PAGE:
The 16 young participants were all from in and around Chizami area. NEN organised it after a year’s gap with the national and state lockdown. NEN Farm was redesigned to cater to the rural youth of creating more awareness on responsible consumption by supporting locally sourced produce, grown and harvested with traditional farming methods that are more sustainable and healthier for our environment.
The curriculum focused on equipping the rural youths with additional skills to support their existing knowledge and experiences on traditional farming. The participants spend 2 days engaging in hands-on practicals on composting, bamboo vinegar production, and NeroDoco technique of propagation which will assist existing organic agricultural practices and a way forward towards sustainable and eco-friendly farming practices in our fields and farms.
Technical skills were imparted by the NEN team on Bamboo Vinegar, Nerodoco and Vermi-composting and Dr. Esther T. Longkumer, CTO, Soil Science, KVK-ICAR, Porba introduced soil health and management through scientific and traditional methods.
Seno Tsuhah, Honorary Member, highlighted the importance of understanding our local food system and how it is interrelated to everything around us in a community. “ Our fruits and vegetables may not look as pretty as the ones you get in the market, but our local food are much more nutritious and what’s more more satisfying then growing and eating our own food” Further, stressing on the importance of understanding one’s own culture as indigenous people living in an environment which is at threat with the ever changing lifestyles. Understanding the value of our sovereignty as indiginoues communities and the need to protect such values.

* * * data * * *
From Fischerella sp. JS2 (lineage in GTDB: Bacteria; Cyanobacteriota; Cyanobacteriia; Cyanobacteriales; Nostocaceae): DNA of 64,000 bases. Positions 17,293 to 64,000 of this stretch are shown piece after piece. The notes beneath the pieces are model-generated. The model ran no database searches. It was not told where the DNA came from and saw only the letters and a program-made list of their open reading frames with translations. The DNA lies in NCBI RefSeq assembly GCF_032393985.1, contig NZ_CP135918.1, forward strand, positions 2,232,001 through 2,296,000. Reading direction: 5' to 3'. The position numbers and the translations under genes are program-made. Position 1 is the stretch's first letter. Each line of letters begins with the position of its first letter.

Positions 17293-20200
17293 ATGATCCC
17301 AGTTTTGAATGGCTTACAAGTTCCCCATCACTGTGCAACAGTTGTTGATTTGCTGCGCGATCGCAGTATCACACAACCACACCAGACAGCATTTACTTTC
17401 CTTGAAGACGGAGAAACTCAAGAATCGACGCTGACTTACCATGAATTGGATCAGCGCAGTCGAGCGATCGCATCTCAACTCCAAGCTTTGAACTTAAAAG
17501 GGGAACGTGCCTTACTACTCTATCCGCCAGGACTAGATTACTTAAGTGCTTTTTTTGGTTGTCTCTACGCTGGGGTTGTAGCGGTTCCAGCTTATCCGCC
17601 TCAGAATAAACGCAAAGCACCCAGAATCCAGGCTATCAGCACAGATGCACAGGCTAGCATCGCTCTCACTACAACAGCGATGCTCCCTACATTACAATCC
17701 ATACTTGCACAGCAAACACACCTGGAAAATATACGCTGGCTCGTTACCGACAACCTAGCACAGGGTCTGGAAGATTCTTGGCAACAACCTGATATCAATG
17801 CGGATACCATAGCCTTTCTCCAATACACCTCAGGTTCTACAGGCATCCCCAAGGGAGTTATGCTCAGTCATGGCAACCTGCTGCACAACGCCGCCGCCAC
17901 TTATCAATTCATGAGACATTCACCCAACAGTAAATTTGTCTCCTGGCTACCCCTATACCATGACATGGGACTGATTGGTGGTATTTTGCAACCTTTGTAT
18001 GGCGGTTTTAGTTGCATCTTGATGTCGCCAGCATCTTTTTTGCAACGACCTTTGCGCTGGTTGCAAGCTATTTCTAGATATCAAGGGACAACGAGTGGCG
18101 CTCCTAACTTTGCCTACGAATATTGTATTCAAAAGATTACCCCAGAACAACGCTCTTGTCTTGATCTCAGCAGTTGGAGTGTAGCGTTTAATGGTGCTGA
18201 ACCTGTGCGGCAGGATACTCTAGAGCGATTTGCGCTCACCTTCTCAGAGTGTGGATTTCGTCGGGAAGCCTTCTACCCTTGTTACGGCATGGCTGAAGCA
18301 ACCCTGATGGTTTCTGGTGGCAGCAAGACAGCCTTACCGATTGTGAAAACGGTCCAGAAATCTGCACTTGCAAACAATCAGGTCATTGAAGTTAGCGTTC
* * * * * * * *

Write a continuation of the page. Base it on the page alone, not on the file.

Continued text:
The Youth also spent an evening interacting with Community Elder Khenemvu, who shared on the importance of growing one’s own food as a way of life. The community elder enlightened the youths with stories and ways of traditional living, which was simple and honest. He shared the story of a Japanese soldier who stayed back in the community post the 2nd world war, who is the perfect example of diligence and resilience, a man who despite the hardship and challenges did not give up and continued his vision to grow food.
The Community elder shared some words of wisdom through his personal experiences and in an endnote shared a saying “ One must not wait for water to come to us, we must find it and if we are able find a source, even the size of our smallest finger, we can grow food in our terrace farms” emphasising on the need to learn to utilize our resources available to us instead of waiting for opportunities to be handed down.
Reflecting on the takeaways of the program, Welhitshe pledged to work towards food sovereignty by remarking, “I have learned the importance of seeds and the training has brought me closer to nature, and I need to explore ways to utilise these new skills.” Another participant, Tshekhrozou while highlighting the ignorance of youngsters from rural settings on valuing natural resources added, “I learned about the privileges of growing our own food and enjoy the fruits of our harvest”
The 2 days training ended with a valedictory program where participants received certificates of participation and shared their experiences and commitment to take the learned skills back to their communities and continue to create awareness on the importance of growing ones’ food and understanding the value of our biodiversity and the need to preserve and protect it, creating rippling effects and igniting similar spaces of discussions in their respective communities.